WeChat approached Ogilvy to create an installation that combined technology with conversation, and was a clear indication that they “owned” the mobile conversation realm. It also had to be clearly culturally Chinese in implementation.
The Sound Forest was a living sensor kit that listened for human interaction.
The solution was to “biohack” living bamboo and use their living tissue as a trigger to launch both hardware and software. Upon touching the bamboo, light inside the plant would glow and a hidden microphone start recording. Users were invited to leave a message at the bamboo for other people. Upon lifting a hand off the bamboo, the message was played, creating a “forest of sound” echoing until the next person touched the bamboo to leave their own message.
Created using a modified Arduino called a 'MakeyMakey', it detects the conductive properties of both bamboo and humans to trigger the lighting, recording software, and playback. Extremely low current (around 3v) was passed through the bamboo. When a grounded visitor touches the bamboo, the current drops to 0, which in turn, was recorded by the MakeyMakey.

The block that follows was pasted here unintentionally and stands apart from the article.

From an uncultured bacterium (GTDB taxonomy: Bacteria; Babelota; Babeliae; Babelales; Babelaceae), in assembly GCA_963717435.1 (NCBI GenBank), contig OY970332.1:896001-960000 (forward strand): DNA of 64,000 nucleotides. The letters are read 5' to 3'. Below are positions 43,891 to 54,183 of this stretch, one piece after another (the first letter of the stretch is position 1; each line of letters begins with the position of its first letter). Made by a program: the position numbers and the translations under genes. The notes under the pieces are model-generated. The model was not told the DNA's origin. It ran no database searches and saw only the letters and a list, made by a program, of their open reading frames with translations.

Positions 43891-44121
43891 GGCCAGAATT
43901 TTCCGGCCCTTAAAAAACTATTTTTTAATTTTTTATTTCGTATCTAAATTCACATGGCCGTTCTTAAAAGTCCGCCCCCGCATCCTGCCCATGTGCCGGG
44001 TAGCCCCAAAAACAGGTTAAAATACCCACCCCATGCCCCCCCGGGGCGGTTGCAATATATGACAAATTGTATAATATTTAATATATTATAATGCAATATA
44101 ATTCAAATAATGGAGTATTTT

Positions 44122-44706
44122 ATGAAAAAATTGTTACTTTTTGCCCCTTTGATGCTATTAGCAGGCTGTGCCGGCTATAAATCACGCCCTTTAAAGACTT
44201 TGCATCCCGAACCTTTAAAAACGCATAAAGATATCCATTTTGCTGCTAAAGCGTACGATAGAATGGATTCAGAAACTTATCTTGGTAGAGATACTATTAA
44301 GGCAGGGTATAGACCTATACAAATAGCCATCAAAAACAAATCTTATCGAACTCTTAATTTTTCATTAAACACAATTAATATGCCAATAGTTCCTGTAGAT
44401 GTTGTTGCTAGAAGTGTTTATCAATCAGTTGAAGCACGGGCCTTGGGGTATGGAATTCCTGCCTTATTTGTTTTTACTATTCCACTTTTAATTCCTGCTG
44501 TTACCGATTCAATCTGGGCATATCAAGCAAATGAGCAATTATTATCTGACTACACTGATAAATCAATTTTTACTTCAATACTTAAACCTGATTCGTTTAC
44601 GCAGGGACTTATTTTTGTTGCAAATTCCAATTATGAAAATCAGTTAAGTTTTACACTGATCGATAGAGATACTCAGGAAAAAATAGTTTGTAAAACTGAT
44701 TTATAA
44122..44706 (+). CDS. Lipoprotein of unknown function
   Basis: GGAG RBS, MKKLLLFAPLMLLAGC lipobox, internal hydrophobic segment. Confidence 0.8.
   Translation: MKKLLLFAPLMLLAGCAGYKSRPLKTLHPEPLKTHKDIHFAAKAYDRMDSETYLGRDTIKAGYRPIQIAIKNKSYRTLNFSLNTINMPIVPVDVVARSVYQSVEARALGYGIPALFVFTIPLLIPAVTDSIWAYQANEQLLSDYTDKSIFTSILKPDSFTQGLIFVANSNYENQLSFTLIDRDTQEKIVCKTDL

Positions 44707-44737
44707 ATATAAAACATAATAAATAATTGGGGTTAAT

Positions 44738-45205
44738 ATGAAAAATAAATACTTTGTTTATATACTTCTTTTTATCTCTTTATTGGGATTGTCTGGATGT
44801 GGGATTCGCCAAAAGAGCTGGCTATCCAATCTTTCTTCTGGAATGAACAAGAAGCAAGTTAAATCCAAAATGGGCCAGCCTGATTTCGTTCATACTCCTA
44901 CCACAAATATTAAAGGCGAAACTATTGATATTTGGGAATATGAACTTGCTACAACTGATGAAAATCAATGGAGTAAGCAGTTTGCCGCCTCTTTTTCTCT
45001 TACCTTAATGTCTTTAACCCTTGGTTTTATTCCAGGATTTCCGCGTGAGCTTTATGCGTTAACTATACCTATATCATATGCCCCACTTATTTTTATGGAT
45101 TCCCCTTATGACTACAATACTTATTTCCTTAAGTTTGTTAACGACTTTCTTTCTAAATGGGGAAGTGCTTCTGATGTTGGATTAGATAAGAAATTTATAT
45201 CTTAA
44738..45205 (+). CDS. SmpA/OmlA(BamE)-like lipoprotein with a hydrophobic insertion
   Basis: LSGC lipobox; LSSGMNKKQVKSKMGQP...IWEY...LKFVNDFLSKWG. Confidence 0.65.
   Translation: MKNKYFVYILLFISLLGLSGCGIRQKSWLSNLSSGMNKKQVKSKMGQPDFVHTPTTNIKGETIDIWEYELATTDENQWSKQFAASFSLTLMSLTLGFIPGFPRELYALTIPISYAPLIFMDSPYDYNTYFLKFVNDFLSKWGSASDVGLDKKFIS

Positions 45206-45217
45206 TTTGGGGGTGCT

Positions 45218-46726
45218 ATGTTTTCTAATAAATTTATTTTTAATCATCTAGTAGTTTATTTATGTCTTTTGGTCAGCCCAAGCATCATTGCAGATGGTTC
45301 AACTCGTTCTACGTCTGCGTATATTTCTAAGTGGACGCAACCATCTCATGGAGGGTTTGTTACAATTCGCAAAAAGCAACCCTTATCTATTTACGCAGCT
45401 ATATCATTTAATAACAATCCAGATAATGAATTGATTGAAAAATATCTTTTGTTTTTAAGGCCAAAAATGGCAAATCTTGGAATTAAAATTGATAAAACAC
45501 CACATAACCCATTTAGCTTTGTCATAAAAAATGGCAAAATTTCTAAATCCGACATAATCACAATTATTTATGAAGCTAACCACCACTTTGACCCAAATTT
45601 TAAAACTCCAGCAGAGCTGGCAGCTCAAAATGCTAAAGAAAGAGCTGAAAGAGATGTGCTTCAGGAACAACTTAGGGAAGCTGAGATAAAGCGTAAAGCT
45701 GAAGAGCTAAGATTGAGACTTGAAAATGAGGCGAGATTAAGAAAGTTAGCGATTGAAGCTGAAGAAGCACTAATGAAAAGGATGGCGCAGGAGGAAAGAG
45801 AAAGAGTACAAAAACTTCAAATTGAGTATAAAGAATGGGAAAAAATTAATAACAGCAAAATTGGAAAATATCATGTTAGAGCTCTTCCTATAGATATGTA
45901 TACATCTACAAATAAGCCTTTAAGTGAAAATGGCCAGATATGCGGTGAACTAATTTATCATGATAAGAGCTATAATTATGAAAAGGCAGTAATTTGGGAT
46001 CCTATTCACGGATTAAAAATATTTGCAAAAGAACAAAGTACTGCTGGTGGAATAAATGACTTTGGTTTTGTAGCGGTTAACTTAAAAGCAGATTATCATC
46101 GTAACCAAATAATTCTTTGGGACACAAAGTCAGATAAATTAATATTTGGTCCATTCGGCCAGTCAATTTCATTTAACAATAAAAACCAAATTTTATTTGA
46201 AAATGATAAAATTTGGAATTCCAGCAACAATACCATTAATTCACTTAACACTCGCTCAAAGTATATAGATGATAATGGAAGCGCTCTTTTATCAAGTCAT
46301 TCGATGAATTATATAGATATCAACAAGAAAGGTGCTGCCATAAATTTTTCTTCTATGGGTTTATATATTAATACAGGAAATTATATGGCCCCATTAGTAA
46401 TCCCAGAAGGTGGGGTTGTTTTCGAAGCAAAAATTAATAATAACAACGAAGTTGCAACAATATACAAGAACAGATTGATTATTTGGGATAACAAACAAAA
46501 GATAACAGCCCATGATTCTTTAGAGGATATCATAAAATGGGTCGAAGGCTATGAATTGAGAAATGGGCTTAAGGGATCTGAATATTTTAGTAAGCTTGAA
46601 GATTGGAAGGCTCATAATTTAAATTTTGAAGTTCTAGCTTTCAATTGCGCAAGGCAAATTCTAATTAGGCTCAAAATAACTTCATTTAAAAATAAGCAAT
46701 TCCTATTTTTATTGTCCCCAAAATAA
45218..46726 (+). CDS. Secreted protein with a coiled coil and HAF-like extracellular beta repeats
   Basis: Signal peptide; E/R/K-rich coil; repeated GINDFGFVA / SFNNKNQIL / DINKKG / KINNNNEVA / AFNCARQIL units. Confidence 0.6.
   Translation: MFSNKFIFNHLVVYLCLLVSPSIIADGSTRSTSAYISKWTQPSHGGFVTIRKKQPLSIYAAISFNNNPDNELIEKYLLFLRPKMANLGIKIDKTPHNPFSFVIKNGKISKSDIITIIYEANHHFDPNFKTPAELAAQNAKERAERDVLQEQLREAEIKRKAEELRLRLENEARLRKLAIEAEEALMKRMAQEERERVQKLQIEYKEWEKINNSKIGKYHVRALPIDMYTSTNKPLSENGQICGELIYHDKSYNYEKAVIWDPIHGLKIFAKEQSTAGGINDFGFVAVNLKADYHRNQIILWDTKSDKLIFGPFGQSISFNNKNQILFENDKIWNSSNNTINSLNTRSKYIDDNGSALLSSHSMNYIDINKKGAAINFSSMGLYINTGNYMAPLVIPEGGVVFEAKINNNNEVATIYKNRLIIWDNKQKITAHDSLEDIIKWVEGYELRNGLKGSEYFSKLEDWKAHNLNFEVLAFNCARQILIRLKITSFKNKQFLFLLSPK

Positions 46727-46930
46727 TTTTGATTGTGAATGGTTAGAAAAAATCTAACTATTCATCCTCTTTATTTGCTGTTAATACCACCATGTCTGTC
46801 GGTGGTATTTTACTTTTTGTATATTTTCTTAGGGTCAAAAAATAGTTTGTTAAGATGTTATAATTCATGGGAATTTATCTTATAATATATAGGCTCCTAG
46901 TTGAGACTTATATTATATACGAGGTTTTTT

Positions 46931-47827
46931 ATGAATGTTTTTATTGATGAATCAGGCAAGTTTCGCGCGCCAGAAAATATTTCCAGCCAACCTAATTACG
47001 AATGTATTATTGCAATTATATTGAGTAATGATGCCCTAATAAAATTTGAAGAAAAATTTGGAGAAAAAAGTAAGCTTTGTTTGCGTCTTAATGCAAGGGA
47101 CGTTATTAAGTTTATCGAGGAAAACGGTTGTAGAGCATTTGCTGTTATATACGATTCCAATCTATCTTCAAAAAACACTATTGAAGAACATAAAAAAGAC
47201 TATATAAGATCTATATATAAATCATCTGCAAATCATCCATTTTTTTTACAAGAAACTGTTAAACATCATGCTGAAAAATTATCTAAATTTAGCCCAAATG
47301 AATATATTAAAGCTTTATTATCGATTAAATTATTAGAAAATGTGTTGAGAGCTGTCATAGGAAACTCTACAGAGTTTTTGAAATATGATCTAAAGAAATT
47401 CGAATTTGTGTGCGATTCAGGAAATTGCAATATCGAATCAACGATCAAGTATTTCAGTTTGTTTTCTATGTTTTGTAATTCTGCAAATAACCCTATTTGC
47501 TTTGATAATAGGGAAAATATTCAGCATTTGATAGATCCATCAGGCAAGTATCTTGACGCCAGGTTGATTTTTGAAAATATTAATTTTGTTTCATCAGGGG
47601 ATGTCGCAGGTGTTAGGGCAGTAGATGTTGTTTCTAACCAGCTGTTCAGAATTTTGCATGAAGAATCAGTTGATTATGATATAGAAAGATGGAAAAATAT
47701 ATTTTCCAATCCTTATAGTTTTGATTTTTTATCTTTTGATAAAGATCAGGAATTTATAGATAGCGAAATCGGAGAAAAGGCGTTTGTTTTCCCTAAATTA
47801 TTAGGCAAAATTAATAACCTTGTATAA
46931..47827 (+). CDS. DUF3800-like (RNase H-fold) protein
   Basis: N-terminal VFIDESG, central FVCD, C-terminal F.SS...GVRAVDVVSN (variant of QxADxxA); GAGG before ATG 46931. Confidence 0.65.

The bamboo itself was the container for much of the electronics. The challange was to keep the bamboo alive while still embedding electronics inside it. Dead bamboo does not conduct electricity and would not work for this demo.
Ultimately it was much more interactive than WeChat had anticipated and they decided to go another direction with the concept. This functioning prototype was where the project ended.